Institute for Justice and Democracy in Haiti


APRIL 15, 2009

CONTACT: Kristin Sundell, Jubilee USA, 202-783-0215 direct; 443-845-4461 cell

Brian Concannon Jr, Institute for Justice & Democracy in Haiti, 541-432-0597

Jubilee USA Welcomes Obama Administration Pledge to Relieve Haiti�s Debt

Debt Relief to Support Haiti�s Fragile Democracy in Advance of Critical Senate Election

Washington DC � Jubilee USA Network today enthusiastically welcomed yesterday�s announcement by Secretary of State Hillary Clinton �that the US would pledge $20 million to cover Haiti�s 2009 debt payments to its multilateral creditors as part of an over $50 million aid package to the country.

Haiti is currently sending $1.6 million to the World Bank every month while thousands of Haitians starve and funding shortages threaten the nation�s stability.

�Today�s announcement is a victory for the people of Haiti.� The US pledge to cover Haiti�s debt service obligations will free $20 million for basic infrastructure, healthcare, and education and will help Haiti to recover from last year�s devastating storms.� We are especially grateful for the leadership shown by the Treasury and State Departments in achieving this commitment.� said Kristin Sundell, Deputy Director of the Jubilee USA Network, a coalition of faith-based, development, human rights and community organizations working for debt relief for impoverished countries.

�This is change that Haitians can believe in,� said Brian Concannon Jr., Director of the Institute for Justice & Democracy in Haiti.� �It provides much-needed tangible support while righting a historical wrong by removing the burden of Haiti�s unjust and unbearable multilateral debt.�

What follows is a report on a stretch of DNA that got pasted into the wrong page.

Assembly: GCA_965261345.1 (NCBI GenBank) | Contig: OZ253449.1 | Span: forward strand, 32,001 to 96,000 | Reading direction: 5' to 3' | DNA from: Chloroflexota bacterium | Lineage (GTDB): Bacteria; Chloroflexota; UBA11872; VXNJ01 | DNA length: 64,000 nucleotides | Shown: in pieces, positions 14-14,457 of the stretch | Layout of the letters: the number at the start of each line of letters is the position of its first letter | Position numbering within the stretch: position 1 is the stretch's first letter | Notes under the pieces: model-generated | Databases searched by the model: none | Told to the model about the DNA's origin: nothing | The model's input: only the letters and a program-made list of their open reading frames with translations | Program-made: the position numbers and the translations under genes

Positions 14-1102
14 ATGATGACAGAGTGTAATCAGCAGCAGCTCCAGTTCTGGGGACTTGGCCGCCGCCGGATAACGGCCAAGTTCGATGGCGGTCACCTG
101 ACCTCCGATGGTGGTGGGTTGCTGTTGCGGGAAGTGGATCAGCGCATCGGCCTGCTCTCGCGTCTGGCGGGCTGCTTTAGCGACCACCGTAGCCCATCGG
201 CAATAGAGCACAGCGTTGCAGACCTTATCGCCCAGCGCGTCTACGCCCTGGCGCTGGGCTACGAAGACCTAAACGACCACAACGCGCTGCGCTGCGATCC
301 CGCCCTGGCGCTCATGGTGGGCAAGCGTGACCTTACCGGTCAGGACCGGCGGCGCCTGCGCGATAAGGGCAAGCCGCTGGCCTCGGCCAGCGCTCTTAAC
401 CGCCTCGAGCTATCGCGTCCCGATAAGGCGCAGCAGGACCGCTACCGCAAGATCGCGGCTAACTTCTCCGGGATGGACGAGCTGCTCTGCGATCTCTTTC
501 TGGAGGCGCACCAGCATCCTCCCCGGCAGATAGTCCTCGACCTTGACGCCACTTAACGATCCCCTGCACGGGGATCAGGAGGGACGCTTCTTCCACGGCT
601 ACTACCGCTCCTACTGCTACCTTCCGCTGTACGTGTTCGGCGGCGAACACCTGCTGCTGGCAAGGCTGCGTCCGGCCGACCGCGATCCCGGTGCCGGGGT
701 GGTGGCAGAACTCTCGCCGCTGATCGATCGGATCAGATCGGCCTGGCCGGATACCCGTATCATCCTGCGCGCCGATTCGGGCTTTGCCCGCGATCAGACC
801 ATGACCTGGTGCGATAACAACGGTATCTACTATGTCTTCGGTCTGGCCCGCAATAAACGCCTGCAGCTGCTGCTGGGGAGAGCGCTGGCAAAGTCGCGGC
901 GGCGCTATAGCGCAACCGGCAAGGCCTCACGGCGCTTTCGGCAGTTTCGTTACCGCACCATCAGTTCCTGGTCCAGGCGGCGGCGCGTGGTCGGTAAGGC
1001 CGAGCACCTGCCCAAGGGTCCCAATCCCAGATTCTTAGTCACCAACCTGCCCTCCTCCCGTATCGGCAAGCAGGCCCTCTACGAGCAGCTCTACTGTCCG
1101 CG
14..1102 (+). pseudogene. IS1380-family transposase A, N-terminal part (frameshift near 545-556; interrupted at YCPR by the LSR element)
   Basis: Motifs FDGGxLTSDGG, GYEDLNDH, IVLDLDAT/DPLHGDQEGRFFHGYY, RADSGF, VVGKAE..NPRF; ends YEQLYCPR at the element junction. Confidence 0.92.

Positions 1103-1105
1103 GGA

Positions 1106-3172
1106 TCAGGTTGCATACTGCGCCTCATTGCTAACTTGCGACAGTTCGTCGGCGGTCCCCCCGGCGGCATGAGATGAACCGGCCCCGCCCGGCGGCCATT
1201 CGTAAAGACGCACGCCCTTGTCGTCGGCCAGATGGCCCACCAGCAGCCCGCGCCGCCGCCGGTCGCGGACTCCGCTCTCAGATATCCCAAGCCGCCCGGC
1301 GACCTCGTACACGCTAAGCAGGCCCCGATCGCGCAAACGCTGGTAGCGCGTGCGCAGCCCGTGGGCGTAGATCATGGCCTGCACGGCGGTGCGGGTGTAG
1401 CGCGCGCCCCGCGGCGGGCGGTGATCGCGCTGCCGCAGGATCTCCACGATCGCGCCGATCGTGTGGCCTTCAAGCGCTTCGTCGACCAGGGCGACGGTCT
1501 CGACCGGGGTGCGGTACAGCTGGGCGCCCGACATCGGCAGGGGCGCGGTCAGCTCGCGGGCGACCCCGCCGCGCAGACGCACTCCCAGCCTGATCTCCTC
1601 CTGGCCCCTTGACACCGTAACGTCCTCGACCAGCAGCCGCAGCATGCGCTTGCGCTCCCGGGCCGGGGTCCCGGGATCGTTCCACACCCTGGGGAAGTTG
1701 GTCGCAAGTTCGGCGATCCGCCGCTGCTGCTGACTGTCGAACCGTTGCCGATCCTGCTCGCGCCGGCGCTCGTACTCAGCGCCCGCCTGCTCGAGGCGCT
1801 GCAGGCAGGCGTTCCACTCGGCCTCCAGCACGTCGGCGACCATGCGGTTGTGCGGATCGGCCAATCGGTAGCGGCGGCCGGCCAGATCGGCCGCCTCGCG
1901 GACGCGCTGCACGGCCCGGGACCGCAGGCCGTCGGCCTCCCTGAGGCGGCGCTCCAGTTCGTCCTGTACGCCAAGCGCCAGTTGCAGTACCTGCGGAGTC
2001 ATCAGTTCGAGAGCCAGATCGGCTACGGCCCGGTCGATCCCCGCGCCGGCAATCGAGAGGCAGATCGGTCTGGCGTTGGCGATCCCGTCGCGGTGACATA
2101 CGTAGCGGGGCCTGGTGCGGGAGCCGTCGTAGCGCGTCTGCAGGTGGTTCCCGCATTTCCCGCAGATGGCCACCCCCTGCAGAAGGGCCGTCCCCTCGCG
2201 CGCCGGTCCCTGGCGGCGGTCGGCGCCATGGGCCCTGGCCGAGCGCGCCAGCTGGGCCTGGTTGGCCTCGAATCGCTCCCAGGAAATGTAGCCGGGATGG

In February, a bipartisan group of 72 US Representatives called on World Bank President Robert Zoellick to immediately suspend all scheduled debt repayments from Haiti and grant complete debt cancellation to the impoverished nation.� The letter was circulated by Representative Maxine Waters (D-CA).

Haiti is projected to complete the IMF�s Heavily Indebted Poor Country (HIPC) Initiative by July.� Completion of the program will result in the permanent cancellation of a substantial portion of Haiti�s debt to the United States, World Bank, and Inter-American Development Bank.� Haiti was improperly left out of the original HIPC for political reasons.� The country was accepted into the program in 2006, but its efforts to catch up have been hindered by economic policy conditions imposed by the IMF and a string of natural disasters, economic shocks and political unrest.

Earlier this month Haitian President Ren� Pr�val appealed to Secretary of State Clinton for immediate financial assistance, describing a $100 million budget gap that he said could throw Haiti into anarchy.

The US pledge of $20 million in debt relief is a substantial step toward filling the budget gap, but the date by which Haiti is projected to complete the HIPC program and receive permanent debt cancellation has already been pushed back a number of times by the IMF.� Haiti�s debt must still be cancelled outright without further delays.

Contact IJDH

Institute for Justice & Democracy In Haiti
867 Boylston Street, 5th Floor
Boston, MA 02116

Telephone: (857)-201-0991
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